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‘Strategic’ Vontobel fund could add value

‘Strategic’ Vontobel fund could add value

The Vontobel Emerging Market Blend Fund has been around since 2015, but has been run as a model portfolio.

The managers have been testing the strategy and building a track record, which, as it turns out, has been quite impressive, albeit over just a three-year timeframe. 

Managed by the experienced Luc D’Hooge, with the help of Thierry Larose, Wouter van Overfelt and Sergey Goncharov, and the support of the wider, well-resourced emerging markets team at Vontobel, it is being described as their ‘best ideas’ offering. 

The team already run a hard currency emerging market debt portfolio and an emerging market corporate bond portfolio. This new fund combines the two and will invest in hard and soft currency bonds: a sort of strategic bond fund for emerging markets. 

The investment style is based on that of the other two funds – active, value contrarian. It uses value-based and event-based inefficiencies in government and corporate hard currency debt and local currency debt to find what the team deem to be the best opportunities.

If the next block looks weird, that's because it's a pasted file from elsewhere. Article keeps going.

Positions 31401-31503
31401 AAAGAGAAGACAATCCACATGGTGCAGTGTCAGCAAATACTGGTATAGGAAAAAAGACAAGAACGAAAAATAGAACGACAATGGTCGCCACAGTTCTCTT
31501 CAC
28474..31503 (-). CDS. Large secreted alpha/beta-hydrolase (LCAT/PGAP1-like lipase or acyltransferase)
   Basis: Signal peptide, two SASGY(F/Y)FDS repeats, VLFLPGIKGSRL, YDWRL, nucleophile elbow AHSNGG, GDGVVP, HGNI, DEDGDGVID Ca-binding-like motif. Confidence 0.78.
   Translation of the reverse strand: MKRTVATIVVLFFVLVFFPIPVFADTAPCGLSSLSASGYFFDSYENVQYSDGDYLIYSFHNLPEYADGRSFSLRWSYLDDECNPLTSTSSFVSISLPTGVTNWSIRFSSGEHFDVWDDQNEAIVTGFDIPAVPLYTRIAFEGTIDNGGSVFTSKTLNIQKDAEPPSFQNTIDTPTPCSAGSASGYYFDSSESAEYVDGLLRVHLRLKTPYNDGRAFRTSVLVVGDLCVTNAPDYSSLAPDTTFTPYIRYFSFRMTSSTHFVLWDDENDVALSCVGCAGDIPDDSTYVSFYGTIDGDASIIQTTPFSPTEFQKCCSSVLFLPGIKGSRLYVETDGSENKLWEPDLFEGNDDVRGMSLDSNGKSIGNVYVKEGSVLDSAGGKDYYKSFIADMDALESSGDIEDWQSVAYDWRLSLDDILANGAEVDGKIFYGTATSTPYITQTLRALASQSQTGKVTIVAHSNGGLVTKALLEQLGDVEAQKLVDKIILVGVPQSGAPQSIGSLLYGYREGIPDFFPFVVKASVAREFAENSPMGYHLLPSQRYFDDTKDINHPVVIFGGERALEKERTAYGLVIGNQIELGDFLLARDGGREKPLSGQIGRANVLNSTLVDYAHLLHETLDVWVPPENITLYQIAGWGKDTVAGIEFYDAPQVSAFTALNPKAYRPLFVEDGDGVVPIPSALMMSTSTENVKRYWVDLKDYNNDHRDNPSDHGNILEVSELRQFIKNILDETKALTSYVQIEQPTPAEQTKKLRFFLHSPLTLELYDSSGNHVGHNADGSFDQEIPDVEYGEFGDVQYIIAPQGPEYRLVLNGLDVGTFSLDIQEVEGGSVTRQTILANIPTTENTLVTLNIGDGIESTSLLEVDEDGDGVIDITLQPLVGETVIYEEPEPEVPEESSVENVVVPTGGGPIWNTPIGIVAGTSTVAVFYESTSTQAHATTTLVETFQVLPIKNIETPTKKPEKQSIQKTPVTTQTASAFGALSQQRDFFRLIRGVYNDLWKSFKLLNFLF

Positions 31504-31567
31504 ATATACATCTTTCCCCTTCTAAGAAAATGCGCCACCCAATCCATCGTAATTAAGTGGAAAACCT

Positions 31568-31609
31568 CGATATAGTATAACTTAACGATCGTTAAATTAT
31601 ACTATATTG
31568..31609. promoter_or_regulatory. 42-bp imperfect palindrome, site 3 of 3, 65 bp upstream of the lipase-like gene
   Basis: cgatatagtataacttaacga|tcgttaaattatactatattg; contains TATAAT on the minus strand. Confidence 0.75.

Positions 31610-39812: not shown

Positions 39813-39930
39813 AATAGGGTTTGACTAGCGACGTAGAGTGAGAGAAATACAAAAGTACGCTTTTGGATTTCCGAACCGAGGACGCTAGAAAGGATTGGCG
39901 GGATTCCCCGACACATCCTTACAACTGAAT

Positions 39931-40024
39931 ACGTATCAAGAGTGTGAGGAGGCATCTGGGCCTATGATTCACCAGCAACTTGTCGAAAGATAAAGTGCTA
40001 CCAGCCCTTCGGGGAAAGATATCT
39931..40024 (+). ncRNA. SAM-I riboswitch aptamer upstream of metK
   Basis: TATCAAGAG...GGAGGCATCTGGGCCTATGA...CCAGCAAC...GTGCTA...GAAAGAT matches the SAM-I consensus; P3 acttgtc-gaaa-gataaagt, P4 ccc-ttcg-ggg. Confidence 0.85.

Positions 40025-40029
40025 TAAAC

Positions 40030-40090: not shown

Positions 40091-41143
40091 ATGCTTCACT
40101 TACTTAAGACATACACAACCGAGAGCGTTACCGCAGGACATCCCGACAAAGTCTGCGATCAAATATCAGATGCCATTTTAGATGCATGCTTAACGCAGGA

There are no country restraints and the focus on fundamentals allows the team to invest in bonds not necessarily in the benchmark – as they say, a great company can sometimes simply be in the wrong zip code.

There are not many emerging market bond funds that combine hard and soft currency investments. M&G has one, as does Aberdeen Standard Investments, and a couple of others, so it is good to have more choice. 

As a strategy, it takes away the need for advisers or investors to try to make the currency call themselves. Emerging market fixed income is complex enough, so leaving it to an active manager is not a bad shout. Currencies can make a huge difference to returns in the developing world, so it is a excellent opportunity for a good manager to really add some value. 

The Vontobel fund is still relatively new and has not been tested in many different market scenarios, so it is still early days. Emerging market debt is also a very niche asset class and is not suitable for all investors.

Those that do invest may only want/need a small allocation, but it can be beneficial in terms of decent yields, diversification and lack of correlation. 

I think the fund is quite interesting and one to watch, and one should meet the managers to find out more. It will not be every investor’s cup of tea, but could add some value in a more risk-tolerant portfolio. 

Darius McDermott is managing director of FundCalibre